Feline Rabies is an inflammatory infection that specifically affects the gray matter of the cat’s brain and its central nervous system (CNS). The primary way the rabies virus is transmitted to cats in the United States is through a bite from a disease carrier: foxes, raccoons, skunks, and bats. Infectious virus particles are retained in a rabid animal’s salivary glands to better disseminate the virus through their saliva.
Once the virus enters the cat’s body, it replicates in the cells of the muscles and then spreads to the closest nerve fibers, including all peripheral, sensory and motor nerves, traveling from there to the CNS via fluid within the nerves. The virus can take up to a month to develop, but once the symptoms have begun, the virus progresses rapidly.
Summer is a terrific time to be a dog owner. It lets you run, swim, and play with your dog in nicer weather than any other time of the year. However, summer also brings unique risks to your dog’s health that you should keep in mind throughout the season.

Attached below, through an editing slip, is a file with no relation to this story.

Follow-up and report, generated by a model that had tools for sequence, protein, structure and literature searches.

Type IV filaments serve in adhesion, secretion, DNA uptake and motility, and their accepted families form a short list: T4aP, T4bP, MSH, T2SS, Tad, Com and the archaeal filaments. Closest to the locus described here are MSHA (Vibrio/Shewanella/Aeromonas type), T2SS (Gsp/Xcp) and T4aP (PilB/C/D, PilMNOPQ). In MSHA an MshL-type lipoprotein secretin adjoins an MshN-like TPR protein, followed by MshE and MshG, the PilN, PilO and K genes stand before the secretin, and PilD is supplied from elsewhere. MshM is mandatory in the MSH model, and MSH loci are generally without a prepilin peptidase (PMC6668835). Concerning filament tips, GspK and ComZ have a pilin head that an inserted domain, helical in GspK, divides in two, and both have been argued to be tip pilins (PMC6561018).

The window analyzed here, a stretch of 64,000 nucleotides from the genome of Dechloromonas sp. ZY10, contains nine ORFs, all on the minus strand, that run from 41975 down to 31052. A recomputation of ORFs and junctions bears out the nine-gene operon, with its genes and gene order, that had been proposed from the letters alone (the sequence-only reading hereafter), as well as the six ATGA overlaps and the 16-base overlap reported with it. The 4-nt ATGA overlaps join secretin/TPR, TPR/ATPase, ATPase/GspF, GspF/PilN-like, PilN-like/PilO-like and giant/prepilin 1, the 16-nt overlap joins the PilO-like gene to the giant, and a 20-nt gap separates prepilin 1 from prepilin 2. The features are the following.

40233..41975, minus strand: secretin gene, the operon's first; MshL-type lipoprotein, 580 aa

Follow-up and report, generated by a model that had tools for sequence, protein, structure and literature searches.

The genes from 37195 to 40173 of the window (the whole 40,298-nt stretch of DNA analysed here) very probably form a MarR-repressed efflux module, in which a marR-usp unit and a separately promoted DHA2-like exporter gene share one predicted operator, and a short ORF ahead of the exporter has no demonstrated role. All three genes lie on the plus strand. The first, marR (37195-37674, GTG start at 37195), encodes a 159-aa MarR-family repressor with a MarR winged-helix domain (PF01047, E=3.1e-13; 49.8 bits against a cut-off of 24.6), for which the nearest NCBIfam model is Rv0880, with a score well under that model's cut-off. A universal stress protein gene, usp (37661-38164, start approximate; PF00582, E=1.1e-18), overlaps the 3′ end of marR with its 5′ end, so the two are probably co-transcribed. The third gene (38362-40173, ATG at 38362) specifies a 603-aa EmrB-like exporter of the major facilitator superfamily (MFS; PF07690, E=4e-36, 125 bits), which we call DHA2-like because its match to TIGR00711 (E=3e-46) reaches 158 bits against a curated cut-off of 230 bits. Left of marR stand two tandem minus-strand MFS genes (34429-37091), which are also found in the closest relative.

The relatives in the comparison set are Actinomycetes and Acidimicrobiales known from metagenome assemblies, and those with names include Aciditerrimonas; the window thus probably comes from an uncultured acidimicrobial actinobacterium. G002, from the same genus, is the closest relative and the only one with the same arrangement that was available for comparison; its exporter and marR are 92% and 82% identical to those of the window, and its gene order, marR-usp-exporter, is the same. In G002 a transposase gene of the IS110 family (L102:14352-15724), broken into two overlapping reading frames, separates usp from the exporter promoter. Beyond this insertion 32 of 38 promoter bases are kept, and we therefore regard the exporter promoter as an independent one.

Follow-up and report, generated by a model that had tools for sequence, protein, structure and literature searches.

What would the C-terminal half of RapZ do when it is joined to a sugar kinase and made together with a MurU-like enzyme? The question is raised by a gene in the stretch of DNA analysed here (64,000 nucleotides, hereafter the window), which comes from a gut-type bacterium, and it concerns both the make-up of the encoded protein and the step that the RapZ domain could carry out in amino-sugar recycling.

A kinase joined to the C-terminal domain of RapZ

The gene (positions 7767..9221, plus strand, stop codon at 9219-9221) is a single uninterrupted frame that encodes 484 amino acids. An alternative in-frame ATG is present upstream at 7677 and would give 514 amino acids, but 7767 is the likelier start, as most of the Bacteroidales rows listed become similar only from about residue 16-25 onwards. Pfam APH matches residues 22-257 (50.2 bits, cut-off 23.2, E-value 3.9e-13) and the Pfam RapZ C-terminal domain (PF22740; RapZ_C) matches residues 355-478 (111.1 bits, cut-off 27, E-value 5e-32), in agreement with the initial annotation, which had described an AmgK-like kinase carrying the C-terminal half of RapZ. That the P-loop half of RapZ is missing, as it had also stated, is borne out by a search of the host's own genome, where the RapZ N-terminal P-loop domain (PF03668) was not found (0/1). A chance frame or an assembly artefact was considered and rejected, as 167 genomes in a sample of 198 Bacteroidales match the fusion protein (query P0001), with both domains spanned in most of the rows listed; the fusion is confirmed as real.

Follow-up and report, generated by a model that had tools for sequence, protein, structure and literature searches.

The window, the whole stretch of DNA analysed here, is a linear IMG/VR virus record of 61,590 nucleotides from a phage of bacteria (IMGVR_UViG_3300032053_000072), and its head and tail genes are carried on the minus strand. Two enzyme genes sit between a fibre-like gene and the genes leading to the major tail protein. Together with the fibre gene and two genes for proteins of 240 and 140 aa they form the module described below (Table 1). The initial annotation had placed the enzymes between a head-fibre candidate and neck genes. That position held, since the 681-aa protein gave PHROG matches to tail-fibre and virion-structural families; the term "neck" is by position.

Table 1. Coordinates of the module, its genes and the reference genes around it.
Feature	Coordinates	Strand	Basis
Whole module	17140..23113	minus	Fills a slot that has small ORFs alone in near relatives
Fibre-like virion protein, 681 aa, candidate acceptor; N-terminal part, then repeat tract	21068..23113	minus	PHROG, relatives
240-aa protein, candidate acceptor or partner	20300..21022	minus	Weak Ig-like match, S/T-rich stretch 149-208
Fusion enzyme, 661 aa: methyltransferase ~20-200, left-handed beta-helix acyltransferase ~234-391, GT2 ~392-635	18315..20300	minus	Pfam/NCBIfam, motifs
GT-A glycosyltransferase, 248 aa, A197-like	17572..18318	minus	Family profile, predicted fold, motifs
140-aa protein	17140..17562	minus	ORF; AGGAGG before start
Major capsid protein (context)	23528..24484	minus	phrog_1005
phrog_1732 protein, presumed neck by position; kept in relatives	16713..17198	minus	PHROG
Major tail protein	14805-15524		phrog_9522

Swimming can be a great way for your pet to exercise and cool down in the summer heat, but while some dogs were practically born to swim, not all dogs are equipped for the water—both mentally and physically. When bringing your canine companion along to join the fun on the water this summer, be sure to keep their safety in mind.
Read more to find out All Pet’s top water safety tips for a summer well-spent.
Like us humans, there are dozens of illnesses that your dog can be exposed to at any minute. In an effort to keep pets safe, vaccines have been developed and improved upon over the years. Like many things in this world, vaccines do carry their pros and cons, along with certain key risks ranging from minor to major. At All Pets Veterinary Medical Center, we want you to be advised about the careful planning of getting your loved pet vaccine injections, and we will cover with you the different routines followed.